Sounds and real-time mixing in Dungeonland

Strangers from distant lands,

welcome to this little corner of the internet about all things game audio! My name’s Raphael Müller, I’m a German-born composer and sound designer living and working in the crazy city of Rio de Janeiro. For the last three years I’ve been the all-around-sound guy for the local developers Critical Studio, and earlier this year we were happy to release the kraken on Steam when we published our ludicrous hack’n’slash/RTS-mashup called Dungeonland.

But this post isn’t supposed to be just an introduction, there are some goodies further down the page! 🙂

The video just below presents a bit of my sound design work on Dungeonland. By the way, a good portion of the insane monster screams you’ll hear were done by our multi-talented game designer, Marcos Venturelli.

Working on Dungeonland also demanded from me to delve into the game-specific topic of real-time mixing, and that was something that proved itself to be extremely difficult for me to achieve. Not only because I hadn’t worked with sound effects in a 3D ambient before, but because of the way the game itself is structured. When you play as one of the heroes, you experience the game as an isometric hack’n’slash-type. Since it is possible to play it in both singleplayer and local co-op mode, the camera may or may not center on your character and the audio had to take this into account. To make things much more challenging, Dungeonland also features the “DM-mode”, where you get to play as the evil overlord (kudos to Josh Tomar for brilliant voice acting) that tries to kill the heroes with traps and monsters set out all over his own deadly theme-park. As the DM, you see the events from a different perspective, since this mode works like a real-time strategy game. Ergo, a different camera position and therefore a new sonic center. The mix in itself is also different, since the sounds for the DM don’t have the same priorities as for the heroes.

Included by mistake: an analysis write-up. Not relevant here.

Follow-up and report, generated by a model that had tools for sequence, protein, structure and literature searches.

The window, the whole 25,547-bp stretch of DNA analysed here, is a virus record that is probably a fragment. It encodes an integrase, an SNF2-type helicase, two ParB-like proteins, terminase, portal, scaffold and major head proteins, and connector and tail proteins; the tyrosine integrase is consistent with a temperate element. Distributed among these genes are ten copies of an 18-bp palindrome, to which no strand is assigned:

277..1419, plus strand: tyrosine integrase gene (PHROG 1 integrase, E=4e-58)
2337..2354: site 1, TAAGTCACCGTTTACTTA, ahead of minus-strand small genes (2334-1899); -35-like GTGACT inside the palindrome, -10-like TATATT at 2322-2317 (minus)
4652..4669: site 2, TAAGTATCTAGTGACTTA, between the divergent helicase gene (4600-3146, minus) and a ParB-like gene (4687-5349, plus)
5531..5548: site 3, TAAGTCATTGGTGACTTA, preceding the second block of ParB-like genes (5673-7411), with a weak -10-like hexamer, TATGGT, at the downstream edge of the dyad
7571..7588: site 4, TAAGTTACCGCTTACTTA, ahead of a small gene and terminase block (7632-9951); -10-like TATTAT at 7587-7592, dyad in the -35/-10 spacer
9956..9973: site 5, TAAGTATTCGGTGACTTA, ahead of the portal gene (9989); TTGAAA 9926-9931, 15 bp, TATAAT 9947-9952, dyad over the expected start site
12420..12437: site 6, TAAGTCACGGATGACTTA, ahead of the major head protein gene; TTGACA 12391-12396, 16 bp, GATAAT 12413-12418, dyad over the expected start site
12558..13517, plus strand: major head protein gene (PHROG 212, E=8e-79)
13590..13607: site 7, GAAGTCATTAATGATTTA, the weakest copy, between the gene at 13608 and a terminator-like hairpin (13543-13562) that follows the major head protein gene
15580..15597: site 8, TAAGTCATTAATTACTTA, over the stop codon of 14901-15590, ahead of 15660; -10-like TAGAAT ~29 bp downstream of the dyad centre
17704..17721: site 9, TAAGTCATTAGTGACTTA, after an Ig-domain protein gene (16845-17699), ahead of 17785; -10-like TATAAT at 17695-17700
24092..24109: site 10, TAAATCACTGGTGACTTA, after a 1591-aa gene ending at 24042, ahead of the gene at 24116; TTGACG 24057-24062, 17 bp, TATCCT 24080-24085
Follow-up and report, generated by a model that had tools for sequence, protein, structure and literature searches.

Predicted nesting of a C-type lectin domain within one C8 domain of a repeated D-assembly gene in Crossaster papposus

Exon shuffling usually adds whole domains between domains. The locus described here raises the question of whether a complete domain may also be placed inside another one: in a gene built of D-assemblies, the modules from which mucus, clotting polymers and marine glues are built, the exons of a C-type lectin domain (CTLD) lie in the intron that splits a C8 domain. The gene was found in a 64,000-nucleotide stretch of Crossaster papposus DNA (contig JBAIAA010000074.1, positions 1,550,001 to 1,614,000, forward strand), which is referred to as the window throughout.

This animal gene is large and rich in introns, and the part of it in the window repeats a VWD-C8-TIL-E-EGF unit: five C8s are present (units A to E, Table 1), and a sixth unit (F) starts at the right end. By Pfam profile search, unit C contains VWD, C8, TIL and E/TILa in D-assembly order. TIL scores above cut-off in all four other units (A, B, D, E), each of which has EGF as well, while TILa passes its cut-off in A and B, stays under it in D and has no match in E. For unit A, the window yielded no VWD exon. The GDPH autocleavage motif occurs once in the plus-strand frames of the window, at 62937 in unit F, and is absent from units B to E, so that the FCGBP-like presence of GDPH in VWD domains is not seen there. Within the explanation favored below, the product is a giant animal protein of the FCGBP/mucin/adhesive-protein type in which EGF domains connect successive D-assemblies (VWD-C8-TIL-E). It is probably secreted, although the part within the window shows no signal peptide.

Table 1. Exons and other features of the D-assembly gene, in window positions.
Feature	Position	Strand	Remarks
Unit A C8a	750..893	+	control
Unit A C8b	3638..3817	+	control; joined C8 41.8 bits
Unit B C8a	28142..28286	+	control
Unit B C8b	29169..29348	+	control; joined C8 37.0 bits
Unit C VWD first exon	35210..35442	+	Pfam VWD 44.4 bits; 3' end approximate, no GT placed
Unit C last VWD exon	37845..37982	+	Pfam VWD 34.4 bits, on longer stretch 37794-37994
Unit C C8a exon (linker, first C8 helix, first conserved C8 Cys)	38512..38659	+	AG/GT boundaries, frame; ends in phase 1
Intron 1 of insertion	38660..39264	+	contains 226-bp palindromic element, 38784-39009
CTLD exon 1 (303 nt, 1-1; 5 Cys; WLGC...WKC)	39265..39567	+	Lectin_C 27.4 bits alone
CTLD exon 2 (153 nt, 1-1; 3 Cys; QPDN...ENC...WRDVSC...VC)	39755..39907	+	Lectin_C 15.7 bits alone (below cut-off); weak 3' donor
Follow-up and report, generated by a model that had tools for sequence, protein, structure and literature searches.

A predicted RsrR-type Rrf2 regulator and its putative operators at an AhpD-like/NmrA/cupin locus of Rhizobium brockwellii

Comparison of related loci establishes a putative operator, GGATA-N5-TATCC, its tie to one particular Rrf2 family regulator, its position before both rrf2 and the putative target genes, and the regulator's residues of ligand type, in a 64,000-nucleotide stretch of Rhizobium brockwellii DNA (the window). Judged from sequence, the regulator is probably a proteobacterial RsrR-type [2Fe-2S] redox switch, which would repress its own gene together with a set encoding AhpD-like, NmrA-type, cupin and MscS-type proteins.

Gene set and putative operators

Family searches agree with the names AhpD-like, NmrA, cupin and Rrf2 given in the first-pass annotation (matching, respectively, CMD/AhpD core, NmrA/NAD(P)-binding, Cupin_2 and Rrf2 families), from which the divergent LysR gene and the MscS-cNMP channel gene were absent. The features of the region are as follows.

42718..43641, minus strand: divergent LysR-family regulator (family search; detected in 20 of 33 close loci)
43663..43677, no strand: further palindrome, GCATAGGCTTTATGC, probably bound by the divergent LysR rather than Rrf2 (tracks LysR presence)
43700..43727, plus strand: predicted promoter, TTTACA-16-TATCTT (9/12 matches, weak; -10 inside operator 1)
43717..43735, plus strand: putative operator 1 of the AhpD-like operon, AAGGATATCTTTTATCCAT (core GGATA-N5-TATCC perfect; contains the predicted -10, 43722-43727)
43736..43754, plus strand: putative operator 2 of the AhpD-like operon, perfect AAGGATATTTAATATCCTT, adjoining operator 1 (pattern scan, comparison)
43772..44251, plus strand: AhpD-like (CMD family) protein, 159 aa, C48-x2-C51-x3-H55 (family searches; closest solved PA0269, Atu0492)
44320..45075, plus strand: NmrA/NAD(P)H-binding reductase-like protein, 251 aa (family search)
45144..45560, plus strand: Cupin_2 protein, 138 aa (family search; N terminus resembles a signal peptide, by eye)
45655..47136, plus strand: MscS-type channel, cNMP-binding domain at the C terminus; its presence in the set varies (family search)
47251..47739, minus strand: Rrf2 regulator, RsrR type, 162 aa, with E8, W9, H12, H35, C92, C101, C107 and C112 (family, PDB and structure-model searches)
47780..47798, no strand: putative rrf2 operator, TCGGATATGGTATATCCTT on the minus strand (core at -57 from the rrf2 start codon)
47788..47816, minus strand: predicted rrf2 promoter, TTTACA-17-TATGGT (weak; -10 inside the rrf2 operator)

But what about everday-Dungeonland events like a bomb expoding in your face, or a colossal yellow-purple worm rising from the ground and  trying to eat you alive? For those we had to create special sub mixes, that acted on top of the main mixes I mentioned before, adjusting the volumes for each sound effect category in real-time.

In the end, in some way, all of this had to come together in a blend of different but simultaneous gaming experiences. Well, it was basically a mixing-nightmare! But thankfully it was just a nightmare and we managed to shake it off and somehow get things to work.

Thank you for reading this first post, I hope you enjoyed it, and please feel free to ask anything related to the topic! Cheers!

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